A reported drop in low-level policing by the NYPD has led to a 66 percent decline in arrests, according to the New York Post.
Police officers concerned about their safety following the double murder of two police officers in Brooklyn on Dec. 20, 2014, have allegedly stopped writing citations and making arrests for misdemeanor crimes.
Since the double homicide, a number of officers have reportedly abandoned enforcement of low-level offenses, which according to the New York Post, has led to a 66 percent drop in arrests for the week starting Dec. 22, 2014, compared to that of 2013.
Traffic violation citations also plummeted by 94 percent as did Criminal Court Summonses for low-level offenses like public drinking and urination. Parking violations dropped by 92 percent and drug arrests by the NYPD's Organized Crime Control Bureau are down 84 percent.
The New York Post's claims, which haven't been verified by the NYPD, assert that officers are now making arrests only "when they have to" due to safety concerns.
Officers Rafael Ramos, 40, and Wenjian Liu, 32, were killed at close range the Saturday before Christmas as they sat in their squad car in the Bedford-Stuyvesant section of Brooklyn by Ismaaiyl Brinsley, 28, in Brooklyn, who had announced on social media that he was going to kill police officers in revenge for the deaths of Michael Brown and Eric Garner. Soon after the shooting, Brinsley fled to a nearby subway station where he was found dead with a self-inflicted gunshot wound.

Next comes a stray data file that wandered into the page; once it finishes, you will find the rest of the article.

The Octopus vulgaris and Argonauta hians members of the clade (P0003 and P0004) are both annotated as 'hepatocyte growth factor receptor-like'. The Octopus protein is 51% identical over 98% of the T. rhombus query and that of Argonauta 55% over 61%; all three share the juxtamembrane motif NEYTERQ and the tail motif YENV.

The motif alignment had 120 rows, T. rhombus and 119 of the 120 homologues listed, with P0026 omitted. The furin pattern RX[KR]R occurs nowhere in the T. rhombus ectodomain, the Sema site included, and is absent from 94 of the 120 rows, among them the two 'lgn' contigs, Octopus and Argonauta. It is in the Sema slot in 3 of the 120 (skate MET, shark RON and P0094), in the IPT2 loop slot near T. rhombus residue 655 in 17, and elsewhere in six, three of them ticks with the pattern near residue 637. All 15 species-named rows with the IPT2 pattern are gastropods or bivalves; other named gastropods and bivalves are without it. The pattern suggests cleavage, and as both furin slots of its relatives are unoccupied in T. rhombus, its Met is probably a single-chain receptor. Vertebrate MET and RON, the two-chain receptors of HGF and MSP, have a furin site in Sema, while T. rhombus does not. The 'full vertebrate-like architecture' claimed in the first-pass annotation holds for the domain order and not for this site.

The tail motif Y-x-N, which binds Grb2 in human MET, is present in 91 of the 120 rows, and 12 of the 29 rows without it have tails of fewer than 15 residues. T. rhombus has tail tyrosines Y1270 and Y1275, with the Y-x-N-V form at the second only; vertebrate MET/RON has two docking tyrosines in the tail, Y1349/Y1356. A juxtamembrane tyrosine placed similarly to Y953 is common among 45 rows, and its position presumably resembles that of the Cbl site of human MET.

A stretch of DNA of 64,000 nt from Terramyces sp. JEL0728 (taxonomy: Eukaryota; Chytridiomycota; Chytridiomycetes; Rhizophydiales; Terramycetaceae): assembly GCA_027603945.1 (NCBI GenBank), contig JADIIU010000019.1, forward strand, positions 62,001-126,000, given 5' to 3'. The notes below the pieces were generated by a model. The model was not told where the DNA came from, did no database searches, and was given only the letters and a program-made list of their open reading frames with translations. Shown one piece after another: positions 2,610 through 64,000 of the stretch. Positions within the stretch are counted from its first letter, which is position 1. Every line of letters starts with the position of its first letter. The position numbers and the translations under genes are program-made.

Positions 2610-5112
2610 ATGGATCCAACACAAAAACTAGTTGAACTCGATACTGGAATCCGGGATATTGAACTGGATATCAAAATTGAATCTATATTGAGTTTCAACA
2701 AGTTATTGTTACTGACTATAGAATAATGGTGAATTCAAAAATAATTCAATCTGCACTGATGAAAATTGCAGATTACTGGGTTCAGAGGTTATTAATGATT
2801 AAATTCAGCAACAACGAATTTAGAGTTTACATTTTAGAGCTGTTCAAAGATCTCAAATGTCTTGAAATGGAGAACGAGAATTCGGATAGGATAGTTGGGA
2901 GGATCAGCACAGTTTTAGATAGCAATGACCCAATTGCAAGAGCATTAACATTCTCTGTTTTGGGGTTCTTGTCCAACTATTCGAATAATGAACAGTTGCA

Tensions between the NYPD and Mayor Bill de Blasio have been growing ever since he refused to endorse a Staten Island grand jury's decision last month not to indict officer Daniel Pantaleo in the chokehold death of Eric Garner in July 2014. A scathing New York Times editorial outlined five related reasons that some critics have taken issue with the mayor.
The critics, namely police union head Patrick Lynch, believe de Blasio has sided with protesters in the wake of civil unrest, and that subsequently he has blood on his hands for the officers' deaths.
Hundreds of NYPD officers have turned their backs toward de Blasio in public — at Woodhull Hospital shortly after officers Ramos and Liu were pronounced dead, and again at Ramos' funeral — as part of a silent protest against him for appearing to support protesters over his own police force, and for comments he made on ABC's "This Week" in which he said that his son, Dante, was at great risk of being injured or harmed by a police officer if he moves suddenly or reaches for his cellphone, because "there's a greater chance it might be misinterpreted [because he's] a young man of color."
Last week, de Blasio was heckled while speaking at a graduation ceremony in Madison Square Garden for nearly 900 new police officers. Days prior a group of well over 100 NYPD officers collectively turned their backs on him while he delivered the eulogy at Ramos' funeral, which drew criticism.
"I certainly don't support that action yesterday, I think it was very inappropriate at that event," New York City Police Commissioner William Bratton told CBS' "Face the Nation" "That funeral was held to honor officer Ramos, and to bring politics or to bring issues into that event, I think, was very inappropriate and I do not support it."
Michael Palladino, president of the Detectives Endowment Association, told the Guardian that "no work stoppage has been sanctioned by the unions, but added as officers were now "targets for execution" it was "enough to make anyone hesitate regardless of your profession."
"This is not a slowdown for slowdown's sake. Cops are concerned, after the reaction from city hall on the Garner case, about de Blasio not backing them," a source was quoted as telling the Post.
Earlier this week de Blasio sat down for talks with the NYPD but there was no resolve.
"There were a number of discussions, especially about the safety issues members face. There was no resolve," Lynch said in a statement after the two-hour discussions.
The Christian Post contacted Commissioner Bratton for comment but he couldn't be reached by press time.